“Encouraging” results for transcarotid TAVI

Darren Mylotte
Darren Mylotte

Darren Mylotte (University Hospital Galway, Galway, Ireland) and his co-authors report in JACC: Cardiovascular Interventions that transcatheter aortic valve implantation (TAVI) with transcarotid access is “feasible and is associated with encouraging short- and medium-term clinical outcomes”. In this interview, he explains the need for an alternative access approach to transfemoral and reviews the potential benefits of transcarotid access.

The transfemoral approach is seen as the preferred approach for TAVI. Why is there a need for alternative options?

Indeed, a transfemoral approach should be considered the first option for TAVI. However, a number of patients have iliofemoral anatomy that is not suitable for such an approach. For example, they might have severe femoral or iliac stenosis, calcification, or tortuosity. These anatomical factors continue to present a problem despite the impressive reductions in delivery catheter diameter achieved by most providers of TAVI valves. Therefore, there is a requirement for alternate vascular access for such patients.

What are the potential advantages of transcarotid access in this context?

The transapical approach has been associated with adverse outcomes compared with other access routes—although this data is non-randomised and thus, potential patient selection bias is an inherent flaw. As it is unlikely that there will ever be a randomised trial comparing vascular access routes, operators tend to opt for the routes with which they are most familiar. Any approach that requires the thorax to be opened is inherently more invasive, and may, therefore, be associated with a longer recovery period for the patient. Therefore, there has been a move in Europe to use less invasive methods to deliver the valve—subclavian and carotid; and via the inferior vena cava in the USA. However, it is important not to exchange convenience for safety. Each alternate access approach has both merits and drawbacks, which need to be evaluated on an individual patient and institutional TAVI team level.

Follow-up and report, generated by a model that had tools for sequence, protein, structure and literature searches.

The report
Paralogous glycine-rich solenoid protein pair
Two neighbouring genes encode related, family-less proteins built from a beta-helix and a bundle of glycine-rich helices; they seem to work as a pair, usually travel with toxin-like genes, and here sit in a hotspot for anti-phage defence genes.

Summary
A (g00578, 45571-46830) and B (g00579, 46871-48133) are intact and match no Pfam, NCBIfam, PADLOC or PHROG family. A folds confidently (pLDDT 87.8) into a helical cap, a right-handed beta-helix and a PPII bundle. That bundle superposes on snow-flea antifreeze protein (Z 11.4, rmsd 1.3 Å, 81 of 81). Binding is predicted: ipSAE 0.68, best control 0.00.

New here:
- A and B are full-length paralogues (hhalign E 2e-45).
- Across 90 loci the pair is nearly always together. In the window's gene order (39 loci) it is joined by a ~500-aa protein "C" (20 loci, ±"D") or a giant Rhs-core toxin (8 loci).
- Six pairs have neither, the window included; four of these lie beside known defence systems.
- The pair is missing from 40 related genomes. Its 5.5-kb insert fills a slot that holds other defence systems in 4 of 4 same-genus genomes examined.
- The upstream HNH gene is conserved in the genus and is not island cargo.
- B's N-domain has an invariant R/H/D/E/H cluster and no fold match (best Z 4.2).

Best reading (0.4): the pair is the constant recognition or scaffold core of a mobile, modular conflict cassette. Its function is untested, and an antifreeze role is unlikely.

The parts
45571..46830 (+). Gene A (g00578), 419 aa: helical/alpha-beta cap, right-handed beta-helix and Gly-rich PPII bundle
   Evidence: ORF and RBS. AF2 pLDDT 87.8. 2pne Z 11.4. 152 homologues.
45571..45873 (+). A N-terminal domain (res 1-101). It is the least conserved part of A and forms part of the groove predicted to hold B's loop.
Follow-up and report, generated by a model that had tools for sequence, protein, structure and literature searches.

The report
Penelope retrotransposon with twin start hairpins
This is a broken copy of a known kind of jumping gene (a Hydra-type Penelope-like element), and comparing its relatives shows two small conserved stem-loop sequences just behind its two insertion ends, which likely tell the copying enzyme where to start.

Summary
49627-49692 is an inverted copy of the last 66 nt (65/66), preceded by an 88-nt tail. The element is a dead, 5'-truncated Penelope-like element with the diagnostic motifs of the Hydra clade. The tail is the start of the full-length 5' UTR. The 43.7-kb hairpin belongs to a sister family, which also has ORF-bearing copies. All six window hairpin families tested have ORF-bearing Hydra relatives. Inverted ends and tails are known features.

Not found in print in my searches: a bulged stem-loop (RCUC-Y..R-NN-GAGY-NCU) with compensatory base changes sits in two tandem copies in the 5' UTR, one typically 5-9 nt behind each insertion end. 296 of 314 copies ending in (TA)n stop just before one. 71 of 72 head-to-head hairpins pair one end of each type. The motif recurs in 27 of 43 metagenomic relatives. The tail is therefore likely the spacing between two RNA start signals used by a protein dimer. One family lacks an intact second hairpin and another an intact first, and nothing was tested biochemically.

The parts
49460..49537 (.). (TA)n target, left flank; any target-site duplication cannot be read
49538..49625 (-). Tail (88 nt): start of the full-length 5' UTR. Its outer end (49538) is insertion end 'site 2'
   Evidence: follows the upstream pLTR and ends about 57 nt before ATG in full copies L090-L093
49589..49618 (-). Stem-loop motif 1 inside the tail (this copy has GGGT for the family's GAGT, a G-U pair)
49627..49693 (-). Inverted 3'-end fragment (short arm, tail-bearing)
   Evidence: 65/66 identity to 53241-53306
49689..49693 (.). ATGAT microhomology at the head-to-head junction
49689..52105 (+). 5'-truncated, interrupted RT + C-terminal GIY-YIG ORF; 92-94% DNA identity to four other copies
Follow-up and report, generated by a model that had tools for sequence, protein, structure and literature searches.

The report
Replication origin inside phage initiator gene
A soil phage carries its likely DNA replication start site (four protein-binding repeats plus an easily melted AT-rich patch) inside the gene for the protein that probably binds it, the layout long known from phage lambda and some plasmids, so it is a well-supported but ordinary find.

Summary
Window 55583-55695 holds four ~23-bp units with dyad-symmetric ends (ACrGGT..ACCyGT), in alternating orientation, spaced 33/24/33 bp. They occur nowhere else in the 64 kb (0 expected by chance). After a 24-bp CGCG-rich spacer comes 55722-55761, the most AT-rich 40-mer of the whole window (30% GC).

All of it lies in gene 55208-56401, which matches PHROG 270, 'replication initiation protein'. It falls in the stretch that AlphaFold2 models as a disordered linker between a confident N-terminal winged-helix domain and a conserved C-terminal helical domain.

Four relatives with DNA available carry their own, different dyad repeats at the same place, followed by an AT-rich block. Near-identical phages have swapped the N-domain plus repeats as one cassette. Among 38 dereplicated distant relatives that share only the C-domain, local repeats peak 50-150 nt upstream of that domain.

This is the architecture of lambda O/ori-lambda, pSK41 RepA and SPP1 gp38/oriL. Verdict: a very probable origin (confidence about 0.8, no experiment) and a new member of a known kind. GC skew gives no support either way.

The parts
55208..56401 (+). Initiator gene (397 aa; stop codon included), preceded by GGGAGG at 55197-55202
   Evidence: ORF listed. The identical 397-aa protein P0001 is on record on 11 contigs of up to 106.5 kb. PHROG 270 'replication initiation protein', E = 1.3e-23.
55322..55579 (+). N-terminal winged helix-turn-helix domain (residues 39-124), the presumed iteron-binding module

What are the potential disadvantages of this approach?

This approach, in appropriately selected patients, is relatively less invasive than either a transapical or direct aortic approach. Instrumenting the carotid artery is, however, associated with a potential risk for stroke; this was a particular focus of our research. Although we did not see high rates of cerebrovascular complications, we must acknowledge that our patient series is relatively small and larger series will be required to confirm our findings. Additionally, the carotid approach requires careful vascular assessment using multislice computed tomography (MSCT) and, to date, magnetic resonance (MR) perfusion scans.

Do you need specific equipment for a transcarotid approach?

No, the only additional equipment required is a cerebral oximetry—to assess cerebral perfusion intraoperatively. Otherwise, it is a straightforward TAVI via arterial cutdown. We would encourage integrating vascular surgeons into the TAVI team for these procedures if the existing team has little experience with the surgical treatment of carotid artery disease.

What were the study’s key messages?

In appropriately selected patients, the transcarotid approach for TAVI (in patients without a transfemoral option) is both feasible and safe.  With a good vascular surgeon providing support for the carotid access, we have found that institutions have become proficient in the transcarotid approach after only three to four cases

What further studies are needed and are there any plans for such studies?

Our study only included 96 patients. This is clearly insufficient to definitely determine the true risk of stroke for this approach, and larger patient series are required. Furthermore, we initially had very strict criteria for choosing this approach: minimum lumen area of the carotid artery > 7mm; no significant carotid artery bifurcation disease; no aortic arch abnormalities (bovine arch etc); and a cerebral MR perfusion scan suggesting adequate perfusion. Whether these stipulations are truly important requires further study, as does the possibility of performing this procedure using local anaesthesia and conscious sedation.

Which patients could be considered for the approach?

Any patient in whom the transfemoral approach is not possible could be considered for a transcarotid approach. However, as previously mentioned, patients must meet strict anatomical criteria as assessed on preprocedural CT/MR imaging to be considered suitable candidates. Therefore, this approach should not be performed in patients who do not meet these criteria.